Cinematic remakes and adaptations always have an uphill battle. Filmmakers are always eager to put their personal touches on the material, but reluctant to inject too many changes that would divert from the original and cause uproar among a built-in fanbase, while flying too safe can make the effort pointless. Such is the challenge for director Bill Condon and Disney’s latest version of BEAUTY AND THE BEAST.
Belle (Emma Watson), is held prisoner by Beast (Dan Stevens), who was once a handsome prince before being transformed by an enchantress, along with his household staff who now inhabit the forms of candlesticks, clocks, teacups, wardrobes, and pianos (voiced by Ewan McGregor, Ian McKellen, Emma Thompson, Audra McDonald, and Stanley Tucci). Beast must learn the meaning of true love before the last petal of an enchanted rose falls, while Belle’s father Maurice (Kevin Kline) and Gaston (Luke Evans), her possible suitor, seek to rescue her.
This version of BEAUTY AND THE BEAST is very much a faithful live-action version of Disney’s own 1991 animated film. Showing no shame, director Bill Condon and his team of writers passionately recreate nearly every familiar character, stitch, beat, and moment from that version, and the boundaries they are required to play in seem clear. But room to play is given; both Belle and Beast are given expanded backstories which venture into some dark and tragic territory, and they serve both characters well and makes their eventual connection more palpable. The story is all about this unlikely couple, and the work done to give them identities and meaning is there.
But what makes this version of the story stand out is the commitment to being a full-blown movie musical. BEAUTY AND THE BEAST is presented like a big Broadway musical with its lavish and lush settings and characters belting their hearts out into the cheap-seats. The musical numbers are dazzling with exploding colors and wonderful choreography, and even the slower numbers have their own power. It’s a musical even more so than the 1991 version, and that gives the film its own identity. Old and familiar numbers are re-done and given new life, and new songs are put in which gives key characters more depth. The classic Be Our Guest is the showstopper; it’s a rousing number which goes on forever but is a lot of fun.
The film is a visual treat. Every set from Belle’s quaint village to the massive castle is stunning, and the design work to give the talking household objects their own personalities is very well done and makes what could have been ridiculous seem very real. The camera seems to love those talking objects a little too much, as they seem to eat up more screentime than they deserve when more time should have been given to the courtship of Belle and Beast. Beast is brought to life on-screen by a combination of a big body-suit and a CGI digital mask. For the most part it’s effective, and the eyes of Dan Stevens are always pushing sadness or rage, but the overall face of Beast comes across as very stiff and needed a lot more facial expression.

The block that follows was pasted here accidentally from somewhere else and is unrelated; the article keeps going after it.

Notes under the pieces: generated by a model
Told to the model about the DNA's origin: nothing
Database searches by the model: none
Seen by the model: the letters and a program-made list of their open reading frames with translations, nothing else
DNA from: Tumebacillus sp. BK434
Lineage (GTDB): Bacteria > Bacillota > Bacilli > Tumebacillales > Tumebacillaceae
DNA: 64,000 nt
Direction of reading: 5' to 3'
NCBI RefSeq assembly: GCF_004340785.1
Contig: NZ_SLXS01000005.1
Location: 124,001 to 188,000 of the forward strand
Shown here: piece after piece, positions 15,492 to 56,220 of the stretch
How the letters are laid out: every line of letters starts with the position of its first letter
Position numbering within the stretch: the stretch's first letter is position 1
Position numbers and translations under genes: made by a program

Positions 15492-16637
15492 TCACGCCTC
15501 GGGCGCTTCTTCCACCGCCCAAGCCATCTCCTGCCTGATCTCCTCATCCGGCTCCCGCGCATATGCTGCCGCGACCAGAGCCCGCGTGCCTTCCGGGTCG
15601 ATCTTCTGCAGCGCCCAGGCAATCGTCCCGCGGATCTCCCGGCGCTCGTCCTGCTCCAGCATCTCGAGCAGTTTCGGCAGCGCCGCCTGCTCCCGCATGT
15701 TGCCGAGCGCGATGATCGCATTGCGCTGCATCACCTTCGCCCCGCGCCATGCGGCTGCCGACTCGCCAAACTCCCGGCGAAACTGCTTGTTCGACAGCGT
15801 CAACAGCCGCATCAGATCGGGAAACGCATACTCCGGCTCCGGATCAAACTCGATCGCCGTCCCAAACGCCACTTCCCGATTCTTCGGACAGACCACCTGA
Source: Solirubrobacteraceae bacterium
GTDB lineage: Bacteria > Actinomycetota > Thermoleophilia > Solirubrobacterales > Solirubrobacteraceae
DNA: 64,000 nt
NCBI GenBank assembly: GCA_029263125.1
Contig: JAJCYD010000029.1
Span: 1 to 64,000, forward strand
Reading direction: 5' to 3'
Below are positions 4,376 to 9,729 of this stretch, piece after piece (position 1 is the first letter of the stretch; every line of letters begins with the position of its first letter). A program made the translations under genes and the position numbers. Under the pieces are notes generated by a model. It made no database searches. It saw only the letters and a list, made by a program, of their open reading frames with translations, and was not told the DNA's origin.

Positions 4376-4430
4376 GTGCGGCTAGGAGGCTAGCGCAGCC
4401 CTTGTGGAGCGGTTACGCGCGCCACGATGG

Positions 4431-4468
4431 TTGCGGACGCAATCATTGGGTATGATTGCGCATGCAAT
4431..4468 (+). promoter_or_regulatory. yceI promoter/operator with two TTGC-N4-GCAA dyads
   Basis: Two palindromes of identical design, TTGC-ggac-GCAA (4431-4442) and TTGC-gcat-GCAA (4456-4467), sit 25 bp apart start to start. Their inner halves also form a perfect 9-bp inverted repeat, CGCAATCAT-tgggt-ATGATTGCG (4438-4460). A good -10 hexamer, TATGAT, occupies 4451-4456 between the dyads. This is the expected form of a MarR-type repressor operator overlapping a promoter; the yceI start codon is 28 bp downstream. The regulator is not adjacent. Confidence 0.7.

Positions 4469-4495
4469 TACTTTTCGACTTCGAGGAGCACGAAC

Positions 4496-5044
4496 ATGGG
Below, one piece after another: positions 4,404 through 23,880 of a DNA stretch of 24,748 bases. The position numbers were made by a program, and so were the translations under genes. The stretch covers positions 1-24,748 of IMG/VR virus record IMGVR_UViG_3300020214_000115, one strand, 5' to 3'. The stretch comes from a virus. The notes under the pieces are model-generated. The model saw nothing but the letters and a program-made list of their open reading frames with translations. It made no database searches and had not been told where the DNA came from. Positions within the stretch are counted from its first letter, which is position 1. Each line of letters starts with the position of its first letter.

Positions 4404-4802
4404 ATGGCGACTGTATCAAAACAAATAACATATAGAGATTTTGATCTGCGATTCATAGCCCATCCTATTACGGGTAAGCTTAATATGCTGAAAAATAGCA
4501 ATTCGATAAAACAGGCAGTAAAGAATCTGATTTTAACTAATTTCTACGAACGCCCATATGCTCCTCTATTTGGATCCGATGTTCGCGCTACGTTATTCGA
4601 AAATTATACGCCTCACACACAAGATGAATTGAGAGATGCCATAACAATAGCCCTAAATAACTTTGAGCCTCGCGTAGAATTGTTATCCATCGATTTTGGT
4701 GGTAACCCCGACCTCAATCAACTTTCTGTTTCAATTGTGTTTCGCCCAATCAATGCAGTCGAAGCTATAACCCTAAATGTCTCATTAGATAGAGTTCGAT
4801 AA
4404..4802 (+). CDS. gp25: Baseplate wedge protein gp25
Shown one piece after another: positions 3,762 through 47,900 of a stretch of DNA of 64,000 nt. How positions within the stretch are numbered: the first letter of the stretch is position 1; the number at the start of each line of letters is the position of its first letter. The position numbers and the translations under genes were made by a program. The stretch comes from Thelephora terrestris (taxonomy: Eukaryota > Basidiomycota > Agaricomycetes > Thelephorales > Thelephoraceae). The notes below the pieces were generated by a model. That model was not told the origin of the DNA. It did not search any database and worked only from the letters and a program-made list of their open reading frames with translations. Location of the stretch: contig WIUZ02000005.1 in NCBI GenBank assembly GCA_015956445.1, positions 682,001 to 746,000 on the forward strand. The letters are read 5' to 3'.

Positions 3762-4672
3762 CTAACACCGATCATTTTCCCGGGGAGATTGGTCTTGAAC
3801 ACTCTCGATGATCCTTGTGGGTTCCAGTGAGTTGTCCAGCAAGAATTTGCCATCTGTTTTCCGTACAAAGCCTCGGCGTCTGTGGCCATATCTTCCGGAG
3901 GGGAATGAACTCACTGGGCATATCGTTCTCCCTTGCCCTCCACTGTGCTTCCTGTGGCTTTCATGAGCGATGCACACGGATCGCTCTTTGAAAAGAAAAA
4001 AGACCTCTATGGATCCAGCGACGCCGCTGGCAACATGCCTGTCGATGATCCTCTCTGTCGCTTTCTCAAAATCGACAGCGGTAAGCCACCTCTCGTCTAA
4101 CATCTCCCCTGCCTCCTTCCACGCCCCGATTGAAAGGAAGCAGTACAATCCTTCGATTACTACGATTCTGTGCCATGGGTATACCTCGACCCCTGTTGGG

With such a commitment to being a musical, the film winds up with an emphasis on performances, and the cast is more-than up to the task. Emma Watson sings lovely and her acting against characters that aren’t really there on set is spot-on; she’s a charmer from the first few seconds we see her. Dan Stevens is magnificent as Beast and his singing is outstanding. Luke Evans nearly steals the show as a brutish hunter who wants Belle for his own, and Josh Gad turns in a hilarious performance as Gaston’s sidekick. The voiceover cast are all perfect in their roles, and Kevin Kline is excellent as always.
Despite flying very close to the 1991 animated version, this BEAUTY AND THE BEAST is very much its own film, as its deeper look at characters and embracing the old movie musical gives it a cinematic quality that an 80-minute cartoon can’t quite match. It’s drenched in nostalgia, but feels fresh and new. Be its guest.
BOTTOM LINE: See it